However, Khan is facing severe pressure from Muslim political parties in the Opposition that have been exerting pressure on the Pakistani Government to push for burial rites of the Covid-19 dead during the Pakistani Prime Minister’s discussions with the Government. Khan on the insistence of China, is currently playing a crucial role in getting the support of Muslim countries for Sri Lanka at the Council.
In a sudden turn of events, it was last week revealed that Khan’s address to Parliament that was scheduled to take place during his visit to Sri Lanka has been cancelled. The speech was to take place on Wednesday (24).
However, Sergeant-at-Arms of Parliament Narendra Fernando was last week quoted in the media as saying that the Foreign Ministry had informed Parliament that the Pakistan Prime Minister’s visit to Sri Lanka will go ahead as scheduled, but that a proposed visit to the Parliament complex will not take place.
Meanwhile, civil society and human rights activists as well as former diplomats and UN officials have expressed concerns over alleged human rights abuses in Sri Lanka.
Centre for Policy Alternatives (CPA) Executive Director Dr. Paikiasothy Saravanamuttu last week told The Sunday Morning: “We have raised (the issue of) the ground-level situation which we have experienced over the last few years; indeed, the last few months. We have talked about militarisation; about the land grabbing, particularly with regards to grazing lands; and about the task forces. Basically, we have been sending information all around with regard to the situation on the ground. What we will be doing now is putting all of this information into one letter and sending it to the UNHRC. What we want from the UNHRC is another resolution which will require the Government of Sri Lanka to report on the situation. We also expect a fairly stern resolution pointing out the issues that were raised in United Nations High Commissioner for Human Rights Michelle Bachelet’s report. A stern but not strident resolution, which points out the situation on the ground.”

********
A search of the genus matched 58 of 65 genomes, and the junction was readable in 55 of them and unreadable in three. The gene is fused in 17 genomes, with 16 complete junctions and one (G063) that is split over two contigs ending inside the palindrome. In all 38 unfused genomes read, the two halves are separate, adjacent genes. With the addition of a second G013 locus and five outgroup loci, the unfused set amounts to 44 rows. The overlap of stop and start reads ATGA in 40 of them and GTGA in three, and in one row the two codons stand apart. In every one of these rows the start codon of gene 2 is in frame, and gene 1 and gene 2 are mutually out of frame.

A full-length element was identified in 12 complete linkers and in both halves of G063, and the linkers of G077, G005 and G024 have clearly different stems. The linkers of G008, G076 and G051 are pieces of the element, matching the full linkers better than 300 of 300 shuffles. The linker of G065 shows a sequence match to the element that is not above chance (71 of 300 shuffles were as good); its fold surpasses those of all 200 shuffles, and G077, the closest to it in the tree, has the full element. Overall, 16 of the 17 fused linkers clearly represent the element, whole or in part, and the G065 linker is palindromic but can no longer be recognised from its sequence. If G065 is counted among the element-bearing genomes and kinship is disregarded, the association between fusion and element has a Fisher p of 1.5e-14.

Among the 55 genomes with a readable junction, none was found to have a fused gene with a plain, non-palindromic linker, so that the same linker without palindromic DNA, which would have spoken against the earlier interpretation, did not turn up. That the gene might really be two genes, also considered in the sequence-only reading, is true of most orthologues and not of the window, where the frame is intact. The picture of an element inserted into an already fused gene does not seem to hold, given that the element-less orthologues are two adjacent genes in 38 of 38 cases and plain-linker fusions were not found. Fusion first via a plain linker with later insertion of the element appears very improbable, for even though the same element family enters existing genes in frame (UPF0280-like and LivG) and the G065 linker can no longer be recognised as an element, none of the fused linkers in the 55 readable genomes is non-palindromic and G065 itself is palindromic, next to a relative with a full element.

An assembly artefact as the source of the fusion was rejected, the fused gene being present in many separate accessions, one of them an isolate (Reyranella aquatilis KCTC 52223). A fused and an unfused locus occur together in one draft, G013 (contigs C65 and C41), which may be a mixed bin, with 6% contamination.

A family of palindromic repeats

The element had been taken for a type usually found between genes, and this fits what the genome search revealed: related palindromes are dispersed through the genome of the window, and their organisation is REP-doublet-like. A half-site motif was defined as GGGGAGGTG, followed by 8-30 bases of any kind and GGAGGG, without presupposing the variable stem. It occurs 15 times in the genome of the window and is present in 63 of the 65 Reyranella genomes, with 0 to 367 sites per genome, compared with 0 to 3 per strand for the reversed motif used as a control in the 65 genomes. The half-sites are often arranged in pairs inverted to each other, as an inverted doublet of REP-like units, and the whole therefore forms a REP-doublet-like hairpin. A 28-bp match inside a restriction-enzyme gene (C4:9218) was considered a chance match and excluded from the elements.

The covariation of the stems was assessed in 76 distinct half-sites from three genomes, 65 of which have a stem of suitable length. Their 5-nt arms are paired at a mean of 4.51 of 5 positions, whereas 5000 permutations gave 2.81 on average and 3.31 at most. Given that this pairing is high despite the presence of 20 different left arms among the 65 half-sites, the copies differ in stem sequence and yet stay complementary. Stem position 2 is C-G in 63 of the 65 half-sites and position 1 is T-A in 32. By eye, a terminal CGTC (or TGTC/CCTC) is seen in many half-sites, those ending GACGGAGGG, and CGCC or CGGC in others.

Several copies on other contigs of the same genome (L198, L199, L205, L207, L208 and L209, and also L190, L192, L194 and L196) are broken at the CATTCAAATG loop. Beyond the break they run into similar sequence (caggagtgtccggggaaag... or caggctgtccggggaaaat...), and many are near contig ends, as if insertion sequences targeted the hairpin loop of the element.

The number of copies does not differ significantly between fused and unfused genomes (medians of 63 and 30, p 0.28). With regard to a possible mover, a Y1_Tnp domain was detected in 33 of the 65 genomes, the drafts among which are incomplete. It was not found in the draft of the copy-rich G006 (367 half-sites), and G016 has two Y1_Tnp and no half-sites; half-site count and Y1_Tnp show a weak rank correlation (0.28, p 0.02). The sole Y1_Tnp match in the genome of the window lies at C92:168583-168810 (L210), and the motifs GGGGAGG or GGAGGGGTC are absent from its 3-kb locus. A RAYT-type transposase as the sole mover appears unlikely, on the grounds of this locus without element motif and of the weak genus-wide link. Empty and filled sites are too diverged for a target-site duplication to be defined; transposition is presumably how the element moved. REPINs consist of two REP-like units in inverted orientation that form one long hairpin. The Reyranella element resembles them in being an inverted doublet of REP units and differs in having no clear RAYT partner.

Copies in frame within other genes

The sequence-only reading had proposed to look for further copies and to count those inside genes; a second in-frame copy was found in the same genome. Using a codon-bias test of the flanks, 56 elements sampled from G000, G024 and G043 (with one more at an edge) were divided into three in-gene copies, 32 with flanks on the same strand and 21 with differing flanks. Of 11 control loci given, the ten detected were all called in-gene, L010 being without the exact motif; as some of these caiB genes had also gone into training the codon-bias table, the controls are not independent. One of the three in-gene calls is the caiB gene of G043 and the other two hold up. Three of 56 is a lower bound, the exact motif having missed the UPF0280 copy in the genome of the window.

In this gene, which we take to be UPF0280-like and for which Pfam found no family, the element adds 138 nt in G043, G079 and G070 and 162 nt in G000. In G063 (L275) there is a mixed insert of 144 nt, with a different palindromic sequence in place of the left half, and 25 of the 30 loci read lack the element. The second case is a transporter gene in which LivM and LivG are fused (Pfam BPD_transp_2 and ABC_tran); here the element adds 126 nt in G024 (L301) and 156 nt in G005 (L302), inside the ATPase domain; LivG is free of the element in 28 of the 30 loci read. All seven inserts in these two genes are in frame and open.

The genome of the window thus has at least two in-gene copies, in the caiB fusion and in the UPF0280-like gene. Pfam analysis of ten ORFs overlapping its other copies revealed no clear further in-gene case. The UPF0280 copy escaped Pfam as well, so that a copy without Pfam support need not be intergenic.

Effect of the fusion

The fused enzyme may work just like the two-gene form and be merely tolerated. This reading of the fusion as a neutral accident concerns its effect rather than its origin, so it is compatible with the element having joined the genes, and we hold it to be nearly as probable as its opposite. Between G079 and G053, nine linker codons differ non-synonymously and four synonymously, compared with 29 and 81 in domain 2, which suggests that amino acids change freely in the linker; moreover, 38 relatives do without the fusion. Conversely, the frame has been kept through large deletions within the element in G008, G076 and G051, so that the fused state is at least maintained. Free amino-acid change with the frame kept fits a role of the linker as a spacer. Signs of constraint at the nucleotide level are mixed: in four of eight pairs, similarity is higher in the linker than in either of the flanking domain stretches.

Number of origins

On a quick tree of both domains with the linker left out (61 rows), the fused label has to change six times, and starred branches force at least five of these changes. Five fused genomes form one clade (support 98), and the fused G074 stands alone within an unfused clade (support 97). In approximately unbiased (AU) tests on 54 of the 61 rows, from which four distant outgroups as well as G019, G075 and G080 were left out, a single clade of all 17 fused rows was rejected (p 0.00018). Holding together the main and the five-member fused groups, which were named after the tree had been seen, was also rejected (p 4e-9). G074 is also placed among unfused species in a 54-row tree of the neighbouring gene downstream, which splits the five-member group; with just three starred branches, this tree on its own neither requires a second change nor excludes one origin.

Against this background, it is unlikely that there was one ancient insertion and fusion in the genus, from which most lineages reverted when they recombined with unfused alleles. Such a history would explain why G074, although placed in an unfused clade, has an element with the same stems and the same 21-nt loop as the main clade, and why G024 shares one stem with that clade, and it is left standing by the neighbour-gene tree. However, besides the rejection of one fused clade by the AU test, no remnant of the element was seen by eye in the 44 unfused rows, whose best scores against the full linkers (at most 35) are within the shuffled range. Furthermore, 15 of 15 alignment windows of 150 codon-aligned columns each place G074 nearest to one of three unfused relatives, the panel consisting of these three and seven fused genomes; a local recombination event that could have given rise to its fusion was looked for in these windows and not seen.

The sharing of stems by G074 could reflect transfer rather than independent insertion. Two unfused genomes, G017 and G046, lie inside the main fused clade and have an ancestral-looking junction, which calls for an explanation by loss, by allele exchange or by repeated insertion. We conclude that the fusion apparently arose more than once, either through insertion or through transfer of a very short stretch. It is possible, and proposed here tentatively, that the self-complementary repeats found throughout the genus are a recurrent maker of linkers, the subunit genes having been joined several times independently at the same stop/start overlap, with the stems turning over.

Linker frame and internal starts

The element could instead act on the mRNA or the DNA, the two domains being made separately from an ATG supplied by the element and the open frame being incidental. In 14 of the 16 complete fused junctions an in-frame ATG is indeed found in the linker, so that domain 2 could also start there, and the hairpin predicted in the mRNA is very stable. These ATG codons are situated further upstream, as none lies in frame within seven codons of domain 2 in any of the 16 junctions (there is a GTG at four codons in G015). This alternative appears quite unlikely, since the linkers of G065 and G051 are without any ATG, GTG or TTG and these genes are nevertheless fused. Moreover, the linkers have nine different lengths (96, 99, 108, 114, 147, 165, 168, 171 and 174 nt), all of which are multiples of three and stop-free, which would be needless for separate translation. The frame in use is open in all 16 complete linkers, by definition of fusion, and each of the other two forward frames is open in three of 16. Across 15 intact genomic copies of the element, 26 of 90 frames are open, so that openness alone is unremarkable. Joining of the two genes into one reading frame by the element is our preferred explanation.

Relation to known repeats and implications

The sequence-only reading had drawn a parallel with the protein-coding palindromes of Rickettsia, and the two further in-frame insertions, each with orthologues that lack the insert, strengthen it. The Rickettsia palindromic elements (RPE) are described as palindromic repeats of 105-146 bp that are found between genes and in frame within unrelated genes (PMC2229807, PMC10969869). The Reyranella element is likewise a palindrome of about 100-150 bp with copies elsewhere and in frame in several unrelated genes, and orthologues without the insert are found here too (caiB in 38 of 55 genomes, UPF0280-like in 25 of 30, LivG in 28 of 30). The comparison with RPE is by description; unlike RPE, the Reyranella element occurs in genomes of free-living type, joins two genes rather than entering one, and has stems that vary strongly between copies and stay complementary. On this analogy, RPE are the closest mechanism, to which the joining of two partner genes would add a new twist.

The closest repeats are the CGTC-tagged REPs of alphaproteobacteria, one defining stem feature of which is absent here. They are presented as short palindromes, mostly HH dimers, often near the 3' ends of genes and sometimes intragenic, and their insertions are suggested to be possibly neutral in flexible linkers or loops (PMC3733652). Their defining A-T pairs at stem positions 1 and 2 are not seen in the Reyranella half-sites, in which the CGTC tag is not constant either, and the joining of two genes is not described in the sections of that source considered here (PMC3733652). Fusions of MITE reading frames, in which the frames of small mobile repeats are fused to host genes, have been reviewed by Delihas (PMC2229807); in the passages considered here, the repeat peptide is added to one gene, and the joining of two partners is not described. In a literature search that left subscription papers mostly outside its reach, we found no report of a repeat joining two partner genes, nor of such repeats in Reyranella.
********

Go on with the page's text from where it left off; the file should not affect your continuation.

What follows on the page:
As for the resolution on Sri Lanka that is to be presented to the UNHRC, he said: “If the Government is not going to agree to a consensual resolution, it should come to terms with the resolution that will be passed. Hopefully, there will be a resolution and those commitments (will be) fulfilled. I don’t know what the Government is going to do with a homegrown resolution or what they are going to include in one, because, as far as I am concerned, the Government has been lax and has failed in terms of fulfilling its commitments. In light of the support Sri Lanka is seeking from the Organisation of Islamic Co-operation countries and possibly China, there are 47 countries who are voting in the Human Rights Council, and I think there will be a majority for a resolution on Sri Lanka. India could abstain from voting given the tensions between the GoSL and India.”